Please click on image to ENLARGE photo of Northwest Arkansas Times photographer Andy Shupe photographing Frankie Kelly playing his fiddle at the Fayetteville Senior Activity Center on Sunday, June 29, 2008.
People crowd open house
BY DUSTIN TRACY Northwest Arkansas Times
Posted on Monday, June 30, 2008
Gospel music played and tables were full at the Fayetteville Senior Center open house Sunday afternoon.
It was exactly what Director Sherri Napier was aiming for when she decided to have the center’s secondever open house.
“It’s awareness,” she said. “A lot of people think the senior center is a nursing home or for the poor. They don’t really know much about it.”
Napier and her staff spent weeks outside local Wal-Marts advertising the open house, hoping to attract more seniors who might become regular attendees. The more people who become members, the more funding the center can get from the government and the more opportunities it can provide to seniors, she said.
“In Washington County we have the numbers; we just need to get them here,” she said. “There are people here today that have never been here before.”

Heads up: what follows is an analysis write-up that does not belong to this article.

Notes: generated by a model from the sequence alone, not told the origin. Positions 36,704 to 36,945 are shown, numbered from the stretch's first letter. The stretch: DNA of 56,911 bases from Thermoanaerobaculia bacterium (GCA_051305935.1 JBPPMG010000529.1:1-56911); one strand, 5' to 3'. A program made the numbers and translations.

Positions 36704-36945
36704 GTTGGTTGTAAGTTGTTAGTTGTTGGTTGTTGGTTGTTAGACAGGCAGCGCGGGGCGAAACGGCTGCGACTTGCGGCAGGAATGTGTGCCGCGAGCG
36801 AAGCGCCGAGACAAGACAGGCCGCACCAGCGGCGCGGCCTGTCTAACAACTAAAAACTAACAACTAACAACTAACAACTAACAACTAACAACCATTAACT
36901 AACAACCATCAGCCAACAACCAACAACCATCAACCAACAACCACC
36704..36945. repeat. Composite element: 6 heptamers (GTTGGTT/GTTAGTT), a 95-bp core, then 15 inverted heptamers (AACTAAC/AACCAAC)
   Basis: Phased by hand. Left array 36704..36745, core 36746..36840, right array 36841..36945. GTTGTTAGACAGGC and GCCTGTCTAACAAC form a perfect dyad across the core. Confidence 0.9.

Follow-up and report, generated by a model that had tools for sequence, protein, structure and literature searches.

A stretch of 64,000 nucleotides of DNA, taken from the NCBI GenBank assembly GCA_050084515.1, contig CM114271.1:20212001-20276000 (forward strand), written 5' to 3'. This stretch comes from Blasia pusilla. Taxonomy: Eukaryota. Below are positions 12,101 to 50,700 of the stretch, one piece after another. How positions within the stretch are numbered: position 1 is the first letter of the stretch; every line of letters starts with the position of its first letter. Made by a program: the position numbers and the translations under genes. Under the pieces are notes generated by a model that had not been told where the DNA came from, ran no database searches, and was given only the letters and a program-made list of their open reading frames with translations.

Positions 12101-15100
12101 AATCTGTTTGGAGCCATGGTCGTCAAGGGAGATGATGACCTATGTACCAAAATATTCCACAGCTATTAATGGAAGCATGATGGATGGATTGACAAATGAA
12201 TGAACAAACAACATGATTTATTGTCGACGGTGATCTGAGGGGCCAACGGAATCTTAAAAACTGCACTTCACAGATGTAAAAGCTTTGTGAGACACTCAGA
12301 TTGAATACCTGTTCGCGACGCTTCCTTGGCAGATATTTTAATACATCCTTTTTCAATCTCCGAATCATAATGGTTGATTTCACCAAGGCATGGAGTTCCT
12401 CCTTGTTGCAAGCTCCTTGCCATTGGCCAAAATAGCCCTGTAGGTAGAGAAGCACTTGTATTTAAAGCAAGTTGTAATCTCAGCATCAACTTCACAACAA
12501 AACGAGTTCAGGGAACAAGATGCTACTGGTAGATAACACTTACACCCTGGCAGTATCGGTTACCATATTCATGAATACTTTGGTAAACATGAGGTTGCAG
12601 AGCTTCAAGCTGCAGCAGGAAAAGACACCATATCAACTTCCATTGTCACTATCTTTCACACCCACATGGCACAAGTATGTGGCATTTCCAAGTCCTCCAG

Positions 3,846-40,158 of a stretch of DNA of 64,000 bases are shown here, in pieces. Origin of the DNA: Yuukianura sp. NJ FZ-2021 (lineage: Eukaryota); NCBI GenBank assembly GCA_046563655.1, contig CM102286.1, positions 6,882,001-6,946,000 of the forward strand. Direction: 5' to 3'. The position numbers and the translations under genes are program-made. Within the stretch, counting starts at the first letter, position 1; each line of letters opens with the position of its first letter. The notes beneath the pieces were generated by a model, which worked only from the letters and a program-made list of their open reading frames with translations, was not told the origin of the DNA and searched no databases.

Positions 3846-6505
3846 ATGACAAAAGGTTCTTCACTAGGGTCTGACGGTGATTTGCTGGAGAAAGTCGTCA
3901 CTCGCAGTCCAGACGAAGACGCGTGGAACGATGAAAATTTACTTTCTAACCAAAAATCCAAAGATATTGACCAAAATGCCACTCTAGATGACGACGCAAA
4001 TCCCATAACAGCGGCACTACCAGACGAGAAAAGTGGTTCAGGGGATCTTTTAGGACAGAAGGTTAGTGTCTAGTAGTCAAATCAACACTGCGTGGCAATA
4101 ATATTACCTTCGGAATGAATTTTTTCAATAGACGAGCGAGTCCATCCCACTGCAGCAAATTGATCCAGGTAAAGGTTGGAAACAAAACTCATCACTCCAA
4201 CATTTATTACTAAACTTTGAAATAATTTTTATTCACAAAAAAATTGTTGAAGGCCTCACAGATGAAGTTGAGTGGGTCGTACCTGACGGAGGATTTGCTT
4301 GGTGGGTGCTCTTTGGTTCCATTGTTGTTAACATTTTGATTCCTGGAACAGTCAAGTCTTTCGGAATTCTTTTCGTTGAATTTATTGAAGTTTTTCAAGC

About 200 people filled the room, eating cake and enjoying the music.
Napier said she’d like to host more open houses to spark the community’s interest.
Across the county, senior centers are making cuts.
Kaye Curtis, the director of senior services for the Northwest Arkansas Economic Development District, which oversees senior centers in the county, said earlier this month that the Farmington and Prairie Grove centers are cutting their operating hours and reworking their director’s positions. Gas prices, along with the fact that centers have to supply 51 percent of their own funding with donations and fund-raisers, are taking their toll.
The open house Sunday also provided some positive publicity for the center.
Lately, Napier said, she had been experiencing difficulties with members who had their own ideas of how they wanted to spend the center’s money. She said the ideas were good, but there just wasn’t any money to be spent. The center is operating with a $14, 000 deficit each month, she said, and she hopes to avoid the funding problems by tapping what she said was “ money there for the taking.”
“We’ve just got to get seniors in the door,” she said.
The center had its last open house on June 17, when about 110 people attended. Napier wants to keep the idea rolling and start working in unique twists to attract more people, like having a 1950s style dance.
The center is at 945 S. College Ave., north of Walker Park. For more information about the services it offers, call 571-2920.
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